The Texas Coastal Exchange: Setting a Carbon Baseline and Trading Standards

Editor's note: This is the second of a three-part series that introduces The Texas Coastal Exchange (TCX), a trading clearinghouse involving the sale of ecological services. Click here to read part three of the series.

One of the key markets the Rice University's SSPEED Center team has identified as a target is the purchase of carbon dioxide storage rights.  Carbon dioxide is a naturally occurring substance that is emitted by natural decomposition as well as by fossil fuel combustion. In nature, there is a so-called carbon cycle.  In this cycle, carbon dioxide in the atmosphere is transformed by photosynthesis in plants into carbohydrates such as cellulose and sugars. 

Some of this carbon becomes biomass (such as trees and plants and other carbon goes into the root system as root mass or to microbes that feed upon sugars released by the root system).  Over time, some of this carbon biomass is decomposed and transformed back into carbon dioxide gas that moves back into the atmosphere, thereby completing the carbon cycle.

Today, our carbon cycle is out of balance.

We are emitting more carbon dioxide from fossil fuel combustion than is being removed from the atmosphere by photosynthesis and by other natural sinks such as the oceans. This carbon dioxide is building up over time in our atmosphere and is contributing to the so-called “greenhouse effect,” which is a process of heating of the Earth’s atmosphere that is similar to the heating that occurs within a greenhouse.  Carbon dioxide has been labeled as a greenhouse gas along with other molecules that have a similar effect on the atmosphere.

These greenhouse gases have been identified as the primary agents causing climate change, the effects of which include an increase in atmospheric temperatures, increased severe storms and droughts, and other similar changes—all of which can have severe impacts on humans and human settlement patterns. For this reason, there is increasing pressure on emitters of carbon dioxide to take steps to reduce carbon dioxide emissions.

Carbon Neutrality

There are three ways to reduce carbon dioxide emissions to become “carbon neutral.”  An emitter can (1) avoid, (2) minimize and/or (3) capture or remove emissions. 

To avoid emissions, users will pursue sources of energy that involve no direct emissions such as solar or wind. 

To minimize emissions, users will become more efficient through better insulation and design, through low emission vehicles or by purchasing energy star appliances, for example. 

For those carbon emissions that remain after avoidance and minimization, the only path remaining to carbon neutrality is by removing and storing carbon dioxide emissions.  And here, the only proven technology that is scalable and relatively inexpensive is soil or biological storage.  If you are a hydrocarbon supplier or refiner, carbon storage likely is the only way to neutralize the impact of your operations on the Earth’s climate, an issue that is becoming more pressing each year.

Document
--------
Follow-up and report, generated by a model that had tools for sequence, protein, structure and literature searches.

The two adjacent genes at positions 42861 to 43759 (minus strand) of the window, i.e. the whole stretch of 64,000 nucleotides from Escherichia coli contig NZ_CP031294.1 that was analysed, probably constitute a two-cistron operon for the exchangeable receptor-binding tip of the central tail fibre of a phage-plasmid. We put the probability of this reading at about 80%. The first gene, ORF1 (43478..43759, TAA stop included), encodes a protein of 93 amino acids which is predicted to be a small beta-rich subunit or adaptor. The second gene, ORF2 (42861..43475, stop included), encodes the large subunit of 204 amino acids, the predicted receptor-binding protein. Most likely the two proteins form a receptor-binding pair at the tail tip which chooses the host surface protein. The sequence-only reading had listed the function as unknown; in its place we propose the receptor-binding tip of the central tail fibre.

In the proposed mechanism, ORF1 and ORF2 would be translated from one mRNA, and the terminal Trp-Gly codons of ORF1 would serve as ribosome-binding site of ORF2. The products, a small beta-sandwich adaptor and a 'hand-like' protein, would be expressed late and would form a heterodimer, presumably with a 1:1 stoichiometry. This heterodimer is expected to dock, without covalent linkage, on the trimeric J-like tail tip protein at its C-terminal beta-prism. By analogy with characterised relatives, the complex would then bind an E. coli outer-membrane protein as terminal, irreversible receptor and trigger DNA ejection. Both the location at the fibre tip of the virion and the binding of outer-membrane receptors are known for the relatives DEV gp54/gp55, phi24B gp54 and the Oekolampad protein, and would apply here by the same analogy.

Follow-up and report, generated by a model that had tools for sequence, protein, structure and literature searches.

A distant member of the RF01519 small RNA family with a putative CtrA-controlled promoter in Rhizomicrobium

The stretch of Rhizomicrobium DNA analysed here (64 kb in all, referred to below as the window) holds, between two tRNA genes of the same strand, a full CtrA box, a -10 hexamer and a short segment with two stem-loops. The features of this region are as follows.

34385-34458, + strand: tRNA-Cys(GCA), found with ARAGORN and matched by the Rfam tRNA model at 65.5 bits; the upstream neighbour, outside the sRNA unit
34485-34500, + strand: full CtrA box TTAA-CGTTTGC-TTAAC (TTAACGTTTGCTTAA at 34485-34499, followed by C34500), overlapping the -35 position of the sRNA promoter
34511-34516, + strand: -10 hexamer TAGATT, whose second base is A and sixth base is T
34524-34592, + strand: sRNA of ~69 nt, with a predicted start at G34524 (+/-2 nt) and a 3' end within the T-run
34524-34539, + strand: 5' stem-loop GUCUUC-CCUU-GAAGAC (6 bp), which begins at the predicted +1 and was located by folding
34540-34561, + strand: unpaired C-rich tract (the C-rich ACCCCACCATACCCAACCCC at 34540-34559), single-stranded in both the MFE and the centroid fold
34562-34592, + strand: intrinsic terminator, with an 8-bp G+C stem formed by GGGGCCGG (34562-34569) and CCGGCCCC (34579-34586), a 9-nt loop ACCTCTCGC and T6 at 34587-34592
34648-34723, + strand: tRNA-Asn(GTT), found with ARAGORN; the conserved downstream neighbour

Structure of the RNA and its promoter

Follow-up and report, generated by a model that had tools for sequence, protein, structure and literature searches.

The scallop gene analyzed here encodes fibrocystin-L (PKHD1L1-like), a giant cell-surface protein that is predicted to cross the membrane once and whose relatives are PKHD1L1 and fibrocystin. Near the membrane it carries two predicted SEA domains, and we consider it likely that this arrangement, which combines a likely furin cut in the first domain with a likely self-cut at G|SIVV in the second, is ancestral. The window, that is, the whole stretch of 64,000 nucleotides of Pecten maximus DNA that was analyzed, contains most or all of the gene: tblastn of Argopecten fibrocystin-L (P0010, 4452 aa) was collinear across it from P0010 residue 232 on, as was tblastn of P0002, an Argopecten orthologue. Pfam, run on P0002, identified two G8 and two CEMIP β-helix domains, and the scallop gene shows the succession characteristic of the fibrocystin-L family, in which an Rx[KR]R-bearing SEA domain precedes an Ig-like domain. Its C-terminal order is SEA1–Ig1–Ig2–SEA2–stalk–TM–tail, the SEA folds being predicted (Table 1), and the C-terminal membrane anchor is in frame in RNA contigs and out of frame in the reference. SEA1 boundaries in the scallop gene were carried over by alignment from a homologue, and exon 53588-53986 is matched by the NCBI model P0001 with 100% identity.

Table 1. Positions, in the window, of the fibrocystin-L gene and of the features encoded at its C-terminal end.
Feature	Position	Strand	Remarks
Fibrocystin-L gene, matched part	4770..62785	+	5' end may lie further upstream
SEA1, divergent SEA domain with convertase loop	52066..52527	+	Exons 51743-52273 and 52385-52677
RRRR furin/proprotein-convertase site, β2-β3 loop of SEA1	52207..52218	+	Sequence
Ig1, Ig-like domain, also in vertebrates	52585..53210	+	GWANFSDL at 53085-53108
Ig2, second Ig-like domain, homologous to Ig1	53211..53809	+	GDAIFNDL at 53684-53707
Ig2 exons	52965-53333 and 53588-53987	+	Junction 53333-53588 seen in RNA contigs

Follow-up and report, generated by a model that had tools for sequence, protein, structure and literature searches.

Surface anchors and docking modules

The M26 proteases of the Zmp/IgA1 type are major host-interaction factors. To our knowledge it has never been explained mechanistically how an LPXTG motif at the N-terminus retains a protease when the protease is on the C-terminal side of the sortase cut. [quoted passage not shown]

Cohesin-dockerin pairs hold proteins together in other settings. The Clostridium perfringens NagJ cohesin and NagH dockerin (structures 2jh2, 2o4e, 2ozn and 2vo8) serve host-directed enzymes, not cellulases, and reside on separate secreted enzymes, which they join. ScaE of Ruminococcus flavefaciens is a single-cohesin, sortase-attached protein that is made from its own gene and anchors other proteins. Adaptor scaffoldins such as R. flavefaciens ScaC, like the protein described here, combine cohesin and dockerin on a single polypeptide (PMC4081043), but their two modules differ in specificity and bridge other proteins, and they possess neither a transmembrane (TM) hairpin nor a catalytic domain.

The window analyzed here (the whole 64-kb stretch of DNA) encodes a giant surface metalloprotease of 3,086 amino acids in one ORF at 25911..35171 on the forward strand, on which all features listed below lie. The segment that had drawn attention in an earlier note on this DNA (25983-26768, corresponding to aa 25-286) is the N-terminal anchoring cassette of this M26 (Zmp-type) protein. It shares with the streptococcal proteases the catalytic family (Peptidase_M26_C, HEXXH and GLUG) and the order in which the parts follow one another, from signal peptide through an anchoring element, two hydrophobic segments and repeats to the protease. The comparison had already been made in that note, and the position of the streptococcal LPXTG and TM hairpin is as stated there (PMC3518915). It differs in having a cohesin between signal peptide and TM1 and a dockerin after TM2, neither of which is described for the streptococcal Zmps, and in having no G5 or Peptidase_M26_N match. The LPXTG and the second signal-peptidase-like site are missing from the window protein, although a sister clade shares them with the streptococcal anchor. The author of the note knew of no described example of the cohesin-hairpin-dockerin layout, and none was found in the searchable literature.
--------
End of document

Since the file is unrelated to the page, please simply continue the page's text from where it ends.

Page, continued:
Pressure is mounting upon the oil and gas community to undertake action to reduce carbon dioxide emissions and/or their impact on atmospheric CO2 levels.  Last week, the maritime industry identified that it would become carbon neutral, representing three percent of global carbon emissions. 

Volvo recently announced it would manufacture only electric and hybrid vehicles starting in 2019.  Monsanto has announced plans to become carbon neutral as have several cities and the province of British Columbia.  Every major corporation in the world has calculated its carbon footprint.  They’ve yet decided what actions, specifically, to do in order to achieve their footprint. 

The SSPEED Center research has determined that the carbon footprint of a 150,000-barrel-per- day refinery could be sequestered for the company and their customers by sequestering about four to five million tons of carbon (or about 25 to 30 million tons of carbon dioxide).  At four to five tons of CO2 per acre (an ambitious goal), this footprint could be sequestered on about five to six million acres.   A car company might purchase in advance the carbon footprint of an internal combustion vehicle, allowing it to offer carbon neutral driving.  Consumers will demand these options in the future.

Setting a Carbon Baseline

Landowners who restore or use native ecosystems or grasslands are already storing carbon in their land.  Until a carbon “baseline” is established by testing, however, it’s impossible to know how much carbon dioxide is being removed from the atmosphere by a particular piece of property.  Once that baseline is set, then a second test can be conducted after a few years to determine the amount of carbon dioxide removed from the atmosphere and stored in the soil as soil carbon. The measured increase in carbon storage in the soil can then become a saleable commodity on the Texas Coastal Exchange (TCX).